Last week I attended a knife making workshop at Scott Kretschmer’s shop in Loveland. The workshop was taught by Steve Rollert from Dove Knives. This was a full day of demonstration and discussion about hand forged knives.
One of the main topics was a the proper heat treatment of knives. Blacksmiths have traditionaly judged heat by color and while this is pretty good it isn’t perfect. Colors appear different in different ambient light. It is also hard to tell the difference betwwen 1100 degrees and 1200 degrees accurately and that 100 degree difference can be important. Hardening at the exact right temperature makes for repeatable results. If you don’t like the results you can easily judge if it should be a bit hotter or a bit cooler. But that is only possible if you can hit the exact hardening temperature you are aiming for every time.
Enter my “new” heat treating kiln. This is an electric oven capable of very exact temperature control. You can set the exact temprature you want, leave the knife or (any other tool for that matter) to preheat and soak – hold at temperature – if needed. You can’t do that accurately with a torch or a forge. This particular kiln is actually a small ceramics kiln that was being used by a silver smith for burning out wax for lost wax casting. It is not ready to be a heat treating kiln yet. I will need to add some higher tech precision controls to make it work the way it needs to. But, since a new heat treating kiln costs close to $2,000 and this one was only $200 plus $100 or so for the controls, it will be a bargan.
Part of my long term goal is to make quality hand forged tools for woodworkers. This new equipment will help me turn out consistent, predictable high quality tools.
It was too muddy to get the car, with the kiln in it, right up to the shop. So it went up on the back of the ATV.
The kiln was tranfered to the top of my welding cart, since there was no place else to put it, then rolled in under cover.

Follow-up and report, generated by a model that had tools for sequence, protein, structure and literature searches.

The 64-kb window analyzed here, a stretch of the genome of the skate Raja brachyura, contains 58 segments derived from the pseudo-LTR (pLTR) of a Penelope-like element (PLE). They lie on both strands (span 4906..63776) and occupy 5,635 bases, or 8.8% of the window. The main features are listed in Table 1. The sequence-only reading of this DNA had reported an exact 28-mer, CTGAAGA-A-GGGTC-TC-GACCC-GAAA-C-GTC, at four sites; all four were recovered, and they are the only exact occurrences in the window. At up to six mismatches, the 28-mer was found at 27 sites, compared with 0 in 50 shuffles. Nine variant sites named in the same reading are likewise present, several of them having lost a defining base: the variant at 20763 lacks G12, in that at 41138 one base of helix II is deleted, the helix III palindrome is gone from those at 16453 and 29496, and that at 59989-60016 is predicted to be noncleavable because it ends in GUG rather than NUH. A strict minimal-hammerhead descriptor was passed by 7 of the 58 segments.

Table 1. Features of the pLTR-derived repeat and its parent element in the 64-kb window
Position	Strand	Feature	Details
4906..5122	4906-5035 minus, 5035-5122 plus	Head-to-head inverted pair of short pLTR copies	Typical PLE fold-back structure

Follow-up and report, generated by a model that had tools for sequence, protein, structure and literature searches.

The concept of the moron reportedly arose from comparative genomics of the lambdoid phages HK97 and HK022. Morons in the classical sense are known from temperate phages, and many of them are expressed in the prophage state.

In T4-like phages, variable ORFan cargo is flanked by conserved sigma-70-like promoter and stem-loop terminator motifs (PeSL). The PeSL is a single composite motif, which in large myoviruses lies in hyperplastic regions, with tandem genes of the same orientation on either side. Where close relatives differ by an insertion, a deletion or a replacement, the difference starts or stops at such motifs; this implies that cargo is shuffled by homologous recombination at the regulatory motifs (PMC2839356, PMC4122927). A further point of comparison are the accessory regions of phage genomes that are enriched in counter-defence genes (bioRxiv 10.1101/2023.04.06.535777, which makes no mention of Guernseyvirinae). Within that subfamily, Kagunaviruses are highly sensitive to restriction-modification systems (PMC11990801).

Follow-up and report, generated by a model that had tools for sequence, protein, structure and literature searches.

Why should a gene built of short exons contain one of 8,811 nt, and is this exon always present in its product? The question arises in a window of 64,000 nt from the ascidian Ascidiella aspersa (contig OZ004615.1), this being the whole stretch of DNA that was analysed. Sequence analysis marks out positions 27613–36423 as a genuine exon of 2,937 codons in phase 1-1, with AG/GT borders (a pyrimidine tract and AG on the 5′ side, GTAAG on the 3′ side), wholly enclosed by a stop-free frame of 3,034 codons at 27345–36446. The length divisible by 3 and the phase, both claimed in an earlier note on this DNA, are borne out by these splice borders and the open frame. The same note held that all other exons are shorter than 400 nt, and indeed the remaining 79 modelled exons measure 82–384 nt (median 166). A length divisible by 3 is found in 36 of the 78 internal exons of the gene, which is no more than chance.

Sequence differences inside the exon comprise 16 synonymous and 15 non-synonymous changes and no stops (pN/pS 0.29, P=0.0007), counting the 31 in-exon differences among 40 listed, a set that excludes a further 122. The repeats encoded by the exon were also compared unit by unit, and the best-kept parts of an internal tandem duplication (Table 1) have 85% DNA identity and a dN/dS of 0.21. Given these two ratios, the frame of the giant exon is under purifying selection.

A few weeks ago a friend was commenting on a TV show he had seen where someone took what he thought was an old style soldering iron, and used it to warm his cup of coffee. While I have never actually seen this done, I have heard of a “flip iron” being used to make a hot toddy or hot buttered rum. I felt pretty smug knowing what he was refering to.
Imagine my surprise when I recieved the following message a few days latter. “I’ve been searching for an iron tool that is used in the upper-midwest during spring bock beer festivals. The solid iron “head” of the tool is heated in a fire and then dipped red hot into a glass of beer. The result is a hot foamy head of beer.”
Here is the picture provided by the customer
Now I really should learn from the way the old timers did things. It would save me lots of grief. But not me, I have a 100 pound power hammer. So why not just make these from a single piece of 1″ round bar? Even under the hammer drawing 10″ of 1″ bar into 40″ of 1/2″ bar is a lot of work. I suspect that this took about 3 times longer than the alternate and probably more traditional approach. I am pretty sure the old timers would have used a shorter section of the 1″ bar with a short stub drawn out and the 1/2″ handle forge welded on. But, live and learn. My customer gets a great value and I got a great education.
I suppose I need to make a shorter one and try the hot toddy or hot buttered rum, but I’ll leave the warm beer for more adventurous types.
Here are the 43″ long irons ready to make hot beer, Yum 😉
The claw hammer gives some idea of the size.
Small wood turnings used in other crafts
Yesterday I decided to do something a bit different. I worked on three small and fairly simple wood turnings.
The smallest is a fid and is used in rope and cord work such as a splice making a loop in the end of a rope. Historically these were a common item on sailing ships often made from lignum Vitae, a very dense hardwood. They are made in a wide variety of sizes, this one is about 6″. Small ones are usually of steel and are called a marlin spike.
The next larger piece is made of maple and is used to burnish the edges of leather. The different sizes of grooves are used for different thicknesses of leather. In use it is rubbed vigorously back and forth to smooth and polish the edges.
The largest piece is a nostepinne. These are for making a ball of yarn and are remarkably efficient. I have been meaning to make one for Janet for several months. The photo below is her first ball wound this way.